Wynn, Goodman join call for end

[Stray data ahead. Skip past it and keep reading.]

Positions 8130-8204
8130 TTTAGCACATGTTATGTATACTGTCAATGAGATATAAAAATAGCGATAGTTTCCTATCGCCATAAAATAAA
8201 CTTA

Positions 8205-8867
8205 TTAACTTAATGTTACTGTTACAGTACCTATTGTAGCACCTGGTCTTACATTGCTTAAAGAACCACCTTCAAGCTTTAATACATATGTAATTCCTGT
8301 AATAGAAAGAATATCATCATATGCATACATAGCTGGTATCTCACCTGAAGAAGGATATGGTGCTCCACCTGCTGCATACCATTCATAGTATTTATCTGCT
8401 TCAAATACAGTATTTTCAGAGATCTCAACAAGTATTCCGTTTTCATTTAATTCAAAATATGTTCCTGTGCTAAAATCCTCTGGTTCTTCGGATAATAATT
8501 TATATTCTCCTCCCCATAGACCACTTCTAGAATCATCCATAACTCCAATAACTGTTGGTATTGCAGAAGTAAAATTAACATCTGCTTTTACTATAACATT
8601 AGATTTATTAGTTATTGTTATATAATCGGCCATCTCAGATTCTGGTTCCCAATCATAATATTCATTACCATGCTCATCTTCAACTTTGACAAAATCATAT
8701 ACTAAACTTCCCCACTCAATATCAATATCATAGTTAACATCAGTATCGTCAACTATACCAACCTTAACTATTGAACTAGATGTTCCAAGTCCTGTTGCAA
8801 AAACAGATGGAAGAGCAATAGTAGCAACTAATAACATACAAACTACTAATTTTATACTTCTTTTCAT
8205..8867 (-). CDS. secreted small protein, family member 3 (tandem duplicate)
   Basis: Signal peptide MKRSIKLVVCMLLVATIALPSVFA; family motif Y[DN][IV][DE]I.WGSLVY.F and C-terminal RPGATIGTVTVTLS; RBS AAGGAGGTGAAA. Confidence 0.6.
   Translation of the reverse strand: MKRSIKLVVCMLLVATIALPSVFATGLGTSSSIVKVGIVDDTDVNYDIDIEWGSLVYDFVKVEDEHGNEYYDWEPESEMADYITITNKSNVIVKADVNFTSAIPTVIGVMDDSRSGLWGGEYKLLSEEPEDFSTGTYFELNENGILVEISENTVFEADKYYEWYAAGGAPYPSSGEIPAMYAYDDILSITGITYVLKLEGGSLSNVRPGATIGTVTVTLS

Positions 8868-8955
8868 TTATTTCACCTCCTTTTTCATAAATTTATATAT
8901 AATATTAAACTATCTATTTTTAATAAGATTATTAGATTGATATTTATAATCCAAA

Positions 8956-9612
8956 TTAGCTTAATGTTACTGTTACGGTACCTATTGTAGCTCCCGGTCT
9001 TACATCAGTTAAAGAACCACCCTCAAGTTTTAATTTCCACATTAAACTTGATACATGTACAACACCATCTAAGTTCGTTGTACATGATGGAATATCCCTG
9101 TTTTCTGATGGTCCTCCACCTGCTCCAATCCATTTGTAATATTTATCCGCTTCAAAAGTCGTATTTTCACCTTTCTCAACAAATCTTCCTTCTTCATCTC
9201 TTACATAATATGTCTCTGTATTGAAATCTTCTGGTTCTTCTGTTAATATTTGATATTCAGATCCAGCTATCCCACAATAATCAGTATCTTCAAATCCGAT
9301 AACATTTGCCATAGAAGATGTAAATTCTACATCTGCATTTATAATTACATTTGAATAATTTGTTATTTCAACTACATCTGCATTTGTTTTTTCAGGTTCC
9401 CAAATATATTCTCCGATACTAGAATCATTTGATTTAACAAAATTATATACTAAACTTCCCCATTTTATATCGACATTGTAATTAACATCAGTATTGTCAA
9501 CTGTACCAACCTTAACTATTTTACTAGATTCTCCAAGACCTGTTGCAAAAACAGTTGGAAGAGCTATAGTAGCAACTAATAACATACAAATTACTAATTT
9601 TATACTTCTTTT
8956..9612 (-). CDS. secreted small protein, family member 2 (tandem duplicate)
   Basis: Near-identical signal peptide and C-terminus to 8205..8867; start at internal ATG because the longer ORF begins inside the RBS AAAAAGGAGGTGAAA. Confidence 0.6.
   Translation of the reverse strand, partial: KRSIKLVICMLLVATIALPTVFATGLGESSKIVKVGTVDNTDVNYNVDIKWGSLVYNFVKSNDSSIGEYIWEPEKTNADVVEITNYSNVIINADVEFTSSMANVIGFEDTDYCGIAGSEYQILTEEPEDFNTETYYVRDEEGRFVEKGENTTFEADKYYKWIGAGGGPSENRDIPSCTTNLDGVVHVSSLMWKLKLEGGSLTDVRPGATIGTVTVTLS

To executive sessions on StratusGriffith reiterates opposition to discussing Mueller with Stratus Council Member Will Wynn and Mayor Pro Tem Jackie Goodman said Wednesday that they agree with Council Member Daryl Slusher’s conclusion that the City Council should no longer discuss the Stratus Properties settlement in executive session. Wynn released a written statement, which says, “The Stratus situation, as it stands, is not a simple, black-and-white case of development vs. no development. It's much more complicated than that, and anyone who suggests otherwise is not telling—or doesn't know—the whole story . . . It's my sense that the public perception of this situation may not be aligned with reality . . . Some people seem to believe that if we do reach an agreement with Stratus, we are somehow encouraging or facilitating development in this area. That is simply not the case. That's why we need to move all discussion of this case out of executive session and into the open, and let all concerned citizens hear and understand all of the factors that must be weighed before we make a decision about how to proceed. So I am, and will be, strongly supportive of Council Member Slusher’s proposal to do so.” Goodman told In Fact Daily that she agrees with Slusher and Wynn “absolutely.” Council Member Beverly Griffith, who was out of town, also released a statement concerning the Robert Mueller Redevelopment Plan and a potential swap of Mueller for Stratus. Griffith said she believes that starting negotiations with Stratus prior to opening the Request for Qualifications on Mueller would “corrupt the process, because the truly world-class developers will presume we have already cut a deal, and they will not respond.” Goodman responded,“ We should at least talk to them (Stratus) about whether there’s a possibility” of a trade before rejecting the idea. Planning Commission gives Temple Beth Israel requested zoning change Neighbors and congregation reach compromise Congregation Beth Israel this week succeeded in getting city approval for changes to the community’s property at 3901 Shoal Creek Blvd. The victory will allow the city's oldest and largest synagogue to expand. Local developer and temple member Sandy Gottesman hammered out a last-minute compromise with Rosedale neighbors prior to Tuesday night's appearance before the Planning Commission. The Board of Adjustment denied variance requests that would have allowed the congregation to add 10 feet to one building and increase impervious cover without a zoning change on the night of Yom Kippur (See In Fact Daily, Oct.10, 2000). Congregation Beth Israel had considered moving to a site near St. Stephen's Episcopal School, but congregation members couldn't raise the $3 million to buy the site. Instead, the temple has decided to expand its facilities at the current 6-acre location. Congregation member Richard Kooris said it's tough to expand on the Beth Israel property. At one end of the property are critical environmental water features that cannot be disturbed, Kooris said. On the other side are large, beautiful trees that should not be cut down. The outflow of a spring that crosses the property must meet a storm sewer that leads to Shoal Creek. And a major sanitary sewer line used by the Rosedale neighborhood runs underneath Beth Israel's sanctuary. “This is a textbook case of land that cannot be developed,” said Kooris before the hearing. The Temple was moved to the Shoal Creek site in 1954. “Probably only half of it is usable.” Temple members are trying to make the best use of what little land remains to be developed. Expansion plans include adding on to the educational building, enlarging the sanctuary and renovating the social hall. The plans also call for the removal of two portable classrooms on the site and removal of paving deemed too close to the critical environmental features. Projected costs are between $12 and $14 million. A parking garage is also being proposed for the property. Approximately 760 families currently belong to Temple Beth Israel. More than 2,000 attend temple on High Holy Days. High Holy Day activities are held at alternate sites such as The Promiseland on 51st Street. The initial proposal before the Planning Commission was to rezone the land from SF-4 (single family) to GO-CO ((general office with a conditional overlay)). By Tuesday night, representatives of the temple agreed to rezone the property to MF-4. That would decrease the height of the buildings from 60 feet to 45 feet, Suttle said. The parking garage will be no higher than 45 feet. The congregation’s initial effort to be awarded two variances by the Board of Adjustment was thwarted by a couple of neighbors who protested the exceptions. At least two Planning Commissioners— Robin Cravey and Jean Mather—were concerned by the flood plain on the Temple Beth Israel site. Hydrologist Steve Jensen assured them that the temple's own flood plain calculations were more accurate than features marked on an older FEMA map. He also promised that the foundation of the expanded building would be raised above the flood plain. A motion by Cravey to approve the zoning changes but zone the part of the property in the flood plain as Rural Residential failed. Commissioner Silver Garza led a substitute motion in favor of the zoning change. He did set a conditional rollback of the land if it was used for anything other than a building for religious assembly. The final vote was 5-1-1, with Mather opposing the zoning change and Cravey abstaining. Commissioner Jim Robertson was absent from Tuesday night's meeting and Commissioner Ben Heimsath had already left. Chair Betty Baker said she supported the zoning change because she could not imagine a religious assembly intentionally jeopardizing the safety of children. She added Congregational Beth Israel should not be constrained by earlier city mistakes that had compromised the property. Congregation members said they were sensitive to the concerns of Rosedale neighbors. Zoning changes can be intrusive, Kooris said. It's natural for neighbors to worry that land surrounding a newly zoned area can more easily fall prey to zoning changes. Congregation members at Tuesday night's meeting agreed they wanted to keep any intrusion on the Rosedale neighborhood to a minimum. “I think this zoning change satisfies our needs, and I think that it allows us to continue to be the good neighbors that we have been for the last 50 years,” said Paul Keeper, a former president of the Beth Israel congregation and a current Rosedale resident. ©2000 In Fact News, Inc. All rights reserved. Bye now . . . The Wall Street Journal is dumping its six regional publications—including the four-page Texas Journal that runs each Wednesday—effective immediately. Dow Jones officials say they have chosen to focus the space on national news and national advertising . . . More about parking . . . The city is conducting its final public forum on downtown, E. 12 Street and South Congress Avenue parking tonight at Waller Creek Center, Room 104 at 6 p.m. . . . Good news, bad news . . . The good news is the city is allowing 1 hour of free parking at the airport over the Thanksgiving holidays, starting tomorrow. You can't stay more than an hour or you lose that free hour. The bad news is finding the spaces will be more challenging . . . ROMA visiting . . . Jim Adams of ROMA must feel by now that Austin is his second home. He is in town this week, talking to interested parties in ROMA’s proposals for the Sand Beach area of the Town Lake shoreline. He met with members of the Seaholm redevelopment committee, bicycle and downtown advocates Wednesday. © 2000 In Fact News, Inc. All rights reserved.